“Oh, no”, that’s not really the comment you’re looking for when bent over a chair recieving a Sandostatin injection. Now I’ve always had the best nurses and this has happened only one other time since I’ve started getting this treatment, but it’s not good news. “The medicine has blocked (which means it has jammed up in the needle), I’ve got to go get another needle, I’m so sorry”, is what my nurse says. She apologizes over and over on her way to grab a new one, I tell her, “it’s alright, these things happen”, I don’t know if it’s me, but I don’t think I’ve had much luck at all lately and I use the word luck loosely. I wait, half bent over this my left butt cheek exposed, no one else is booked in the clinic while I’m there, so it’s just myself and her and some terrible boat reality type show playing on the television, I wish it was muted. She hurries back and replaces the needle and I assume the position and the second poke goes in smoothly, thank god. I pull my shorts and boxers back up, and wait while the next dose is mixed up, in the minute it takes for that to happen the nurse assures that is one of the very few times this ever happened to her. I tell her it must because I parked in a different spot today and I jinxed myself, you see I’m a little bit of a creature of habit. I’ve parked in the same spot in the relatively empty parking lot since I started coming to this lab for my medicine and for some reason today I choose a different spot and I even muttered to myself on the way in that something will probably go wrong. Maybe I should read fortunes for a living? Unreal.
After a bit of small talk she returns with my next shot, it needs to be constantly shaken and quickly administered, drawbacks of a thick medicine. I raise from my seat and once again loosen my shorts and bend over, this time with my right butt cheek exposed. While she quickly sets up and cleans the area, we have a little fun at my expense and the position I always seem to take, hands on the arm chair in front of me, elbow bent and my ass pushed out, hanging on for dear life, lol. Not a whole lot of meat on my butt either for her to jab that 2″ needle in, “At least the running has added muscle she says, easier for the injection, unfortunately a little more painful. She says, “Ok, big poke” the needle catches a small nerve, causing a small flinch on my part, then there’s a short moment of uncomfortable pressure as the medicine enters my body and the needle is drawn out.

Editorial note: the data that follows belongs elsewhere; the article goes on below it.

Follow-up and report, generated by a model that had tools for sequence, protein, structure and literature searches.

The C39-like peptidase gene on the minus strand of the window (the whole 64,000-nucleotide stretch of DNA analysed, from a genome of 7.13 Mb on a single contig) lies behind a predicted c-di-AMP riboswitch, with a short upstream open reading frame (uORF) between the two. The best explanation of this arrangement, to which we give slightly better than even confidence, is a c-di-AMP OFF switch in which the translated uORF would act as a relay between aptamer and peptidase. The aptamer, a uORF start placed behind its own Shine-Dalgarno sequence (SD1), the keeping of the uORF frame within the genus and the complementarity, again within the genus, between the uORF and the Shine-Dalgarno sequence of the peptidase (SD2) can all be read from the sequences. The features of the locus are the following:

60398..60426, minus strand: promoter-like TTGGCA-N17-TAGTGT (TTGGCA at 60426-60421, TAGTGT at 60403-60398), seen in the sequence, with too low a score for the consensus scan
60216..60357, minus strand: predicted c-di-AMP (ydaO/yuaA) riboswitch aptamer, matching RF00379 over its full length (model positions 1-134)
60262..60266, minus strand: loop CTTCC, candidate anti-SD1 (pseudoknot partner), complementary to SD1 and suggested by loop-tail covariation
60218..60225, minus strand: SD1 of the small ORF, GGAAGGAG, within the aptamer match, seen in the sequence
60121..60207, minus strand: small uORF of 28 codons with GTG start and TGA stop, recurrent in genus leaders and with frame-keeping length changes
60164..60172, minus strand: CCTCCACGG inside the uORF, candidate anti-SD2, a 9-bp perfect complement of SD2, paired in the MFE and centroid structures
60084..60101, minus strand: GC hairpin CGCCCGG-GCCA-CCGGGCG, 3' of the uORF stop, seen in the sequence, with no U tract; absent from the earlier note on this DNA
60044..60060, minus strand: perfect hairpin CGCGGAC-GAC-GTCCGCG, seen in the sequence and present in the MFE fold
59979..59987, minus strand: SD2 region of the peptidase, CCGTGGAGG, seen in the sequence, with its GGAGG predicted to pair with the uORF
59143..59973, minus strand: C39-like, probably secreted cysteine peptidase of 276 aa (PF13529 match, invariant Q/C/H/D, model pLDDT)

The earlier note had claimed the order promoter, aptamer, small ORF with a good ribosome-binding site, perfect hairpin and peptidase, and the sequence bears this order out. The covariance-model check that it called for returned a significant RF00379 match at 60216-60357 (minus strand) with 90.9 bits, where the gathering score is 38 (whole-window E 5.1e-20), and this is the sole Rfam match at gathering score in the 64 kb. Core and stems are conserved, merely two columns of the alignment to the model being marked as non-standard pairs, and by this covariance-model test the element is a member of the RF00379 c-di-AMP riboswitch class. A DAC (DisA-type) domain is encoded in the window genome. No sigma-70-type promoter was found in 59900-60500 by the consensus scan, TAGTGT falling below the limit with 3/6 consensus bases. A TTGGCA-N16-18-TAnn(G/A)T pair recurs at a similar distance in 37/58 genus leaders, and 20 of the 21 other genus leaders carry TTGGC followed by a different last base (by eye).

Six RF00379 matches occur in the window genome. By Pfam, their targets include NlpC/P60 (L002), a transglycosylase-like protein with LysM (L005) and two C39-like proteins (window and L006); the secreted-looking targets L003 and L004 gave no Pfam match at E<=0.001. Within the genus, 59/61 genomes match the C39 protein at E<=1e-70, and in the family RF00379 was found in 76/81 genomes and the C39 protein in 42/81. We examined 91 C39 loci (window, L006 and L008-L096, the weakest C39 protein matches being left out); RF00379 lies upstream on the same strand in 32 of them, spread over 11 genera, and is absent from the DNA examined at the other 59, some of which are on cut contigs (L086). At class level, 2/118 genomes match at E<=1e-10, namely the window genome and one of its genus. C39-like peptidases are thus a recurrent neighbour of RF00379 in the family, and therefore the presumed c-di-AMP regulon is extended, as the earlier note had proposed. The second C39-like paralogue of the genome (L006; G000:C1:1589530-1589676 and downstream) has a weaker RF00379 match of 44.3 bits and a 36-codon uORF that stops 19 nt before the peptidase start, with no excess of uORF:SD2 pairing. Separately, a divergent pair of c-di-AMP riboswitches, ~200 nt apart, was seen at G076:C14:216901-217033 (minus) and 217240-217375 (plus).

Now finished, I pull my shorts and boxers back up, I get handed the receipt for the treatment administered today and as always I’m blown away by the cost, thank goodness for coverage. The total cost is more then I make in a month of working, so how that works without some kind of assistance remains a mystery, I get that everyone needs to make money, but Wow! Like I’ve said before I’m fortunate to have coverage, the stress of worrying about the financial impact of having cancer is something that nobody should have to deal with. I’ll tell you the physical, mental and emotional stress is more then enough. My nurse and I confirm the next appointment date, which seems all to soon, she apologizes for the extra poke one last time to which I responded, “It really is no worry, shit happens, I’ll be ok.” We share a quick laugh, what’s the sense of being upset? Hell, I’ve been poked so many times the last month I feel like a human pin cushion, what’ one extra.
I exit the building the whole process only takes maybe fifteen minutes maximum, I hop in my vehicle fire her up and as usual no matter the temperature outside on goes the seat warmer to help sooth the ache that starts to set in. It takes about 45 minutes to drive home and believe that warmth does help, as I sit here the morning after finishing this post, that is when the uncomfortableness is at its highest, stretching and heat does help and although sore, I know in a day or two it will subside. 27 days until the next shot…yah!